February 13, 2017 (BOR) - Prices of food communities are persistently increasing in South Sudan’s Jonglei state, as the world’s youngest nation continues witnessing inflation.
- A retail shop in marol market of Jonglei state, February 6, 2017 (ST)
This week, for instance, black market rates for one U.S. dollar stood at 13, representing a 25% rise from last week’s rate.
A bag of maize flour, which was SSP 4,000 last week, has risen to SSP 5,000 this week, yet it cost SSP 3,600 in January.
Abdalaman Osman, one of the retailers in Bor Marol market, said the continuous increase in dollar has affected their business, as small retailers, like him, cannot make any profits.
“In this country, prices are increasing every day. I am not happy with this increase because I am not making any profit. People ask me always why prices are increasing but I am not the maker”, said Osman.
Mabior Kuol Ajok, the chairperson of chamber of commerce or supervisor, cited high dollar prices in the black market and high taxes levied on food commodities at borders as the main reasons why traders set high prices.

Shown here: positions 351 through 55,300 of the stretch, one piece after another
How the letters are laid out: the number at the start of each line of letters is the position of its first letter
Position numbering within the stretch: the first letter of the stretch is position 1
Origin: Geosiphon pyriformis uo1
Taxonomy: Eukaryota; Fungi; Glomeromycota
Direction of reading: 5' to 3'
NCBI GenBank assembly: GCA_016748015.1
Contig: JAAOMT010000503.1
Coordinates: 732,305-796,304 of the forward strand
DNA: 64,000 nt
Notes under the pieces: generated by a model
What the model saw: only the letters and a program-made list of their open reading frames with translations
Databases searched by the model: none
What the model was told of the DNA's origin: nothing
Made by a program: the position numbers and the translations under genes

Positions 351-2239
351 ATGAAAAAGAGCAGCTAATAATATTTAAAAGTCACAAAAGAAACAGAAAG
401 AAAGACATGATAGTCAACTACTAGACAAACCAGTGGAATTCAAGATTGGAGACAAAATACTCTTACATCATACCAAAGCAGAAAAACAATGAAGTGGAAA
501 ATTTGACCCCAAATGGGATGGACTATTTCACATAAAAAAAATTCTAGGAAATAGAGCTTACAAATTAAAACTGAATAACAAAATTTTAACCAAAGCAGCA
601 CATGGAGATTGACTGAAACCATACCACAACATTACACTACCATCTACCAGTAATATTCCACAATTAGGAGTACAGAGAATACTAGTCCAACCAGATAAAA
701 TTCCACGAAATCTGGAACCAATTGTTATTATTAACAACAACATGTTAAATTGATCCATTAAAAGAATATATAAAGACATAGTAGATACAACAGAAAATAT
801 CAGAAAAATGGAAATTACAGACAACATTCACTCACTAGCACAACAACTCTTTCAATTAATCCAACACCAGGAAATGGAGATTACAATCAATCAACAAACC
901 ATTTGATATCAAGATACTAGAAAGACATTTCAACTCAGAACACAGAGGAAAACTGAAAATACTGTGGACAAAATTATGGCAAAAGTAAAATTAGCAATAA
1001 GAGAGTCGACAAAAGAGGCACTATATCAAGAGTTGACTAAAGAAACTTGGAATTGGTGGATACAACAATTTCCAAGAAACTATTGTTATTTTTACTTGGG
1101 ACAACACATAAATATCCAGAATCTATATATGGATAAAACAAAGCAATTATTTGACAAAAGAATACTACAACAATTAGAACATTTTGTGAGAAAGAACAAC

“Now, the dollar price in the black market is over SSP13,000, so traders who bring goods from Uganda come and set prices high, when we ask them, they say it is because of dollar. This is because we don’t control the dollar prices. Another problem is high taxation on these goods”, he said.
According to Kuol, the state chamber of commerce has been trying to control the prices of food commodities since December 2016, but little success had so far been attained.
“In December 2016, prices for food commodities were very high, up to SSP 4,000. It was a big problem, so traders sat down and they decided to bring in food commodities, especially sorghum from different places, which I reduced the prices to SSP 3,600 per bag”, he explained.
The prices for other items in the market are still increasing because of the increasing inflation of the SSP against dollar.
“The only solution is that, if the government goes out and buy these food commodities, bring them to the country and stock them in the stores for traders to buy from, then prices can go down for consumers to afford them”, said Kuol.
Analysts argue that lack of locally-produced food commodities in the country, coupled with the ongoing political instability caused the rise in inflation.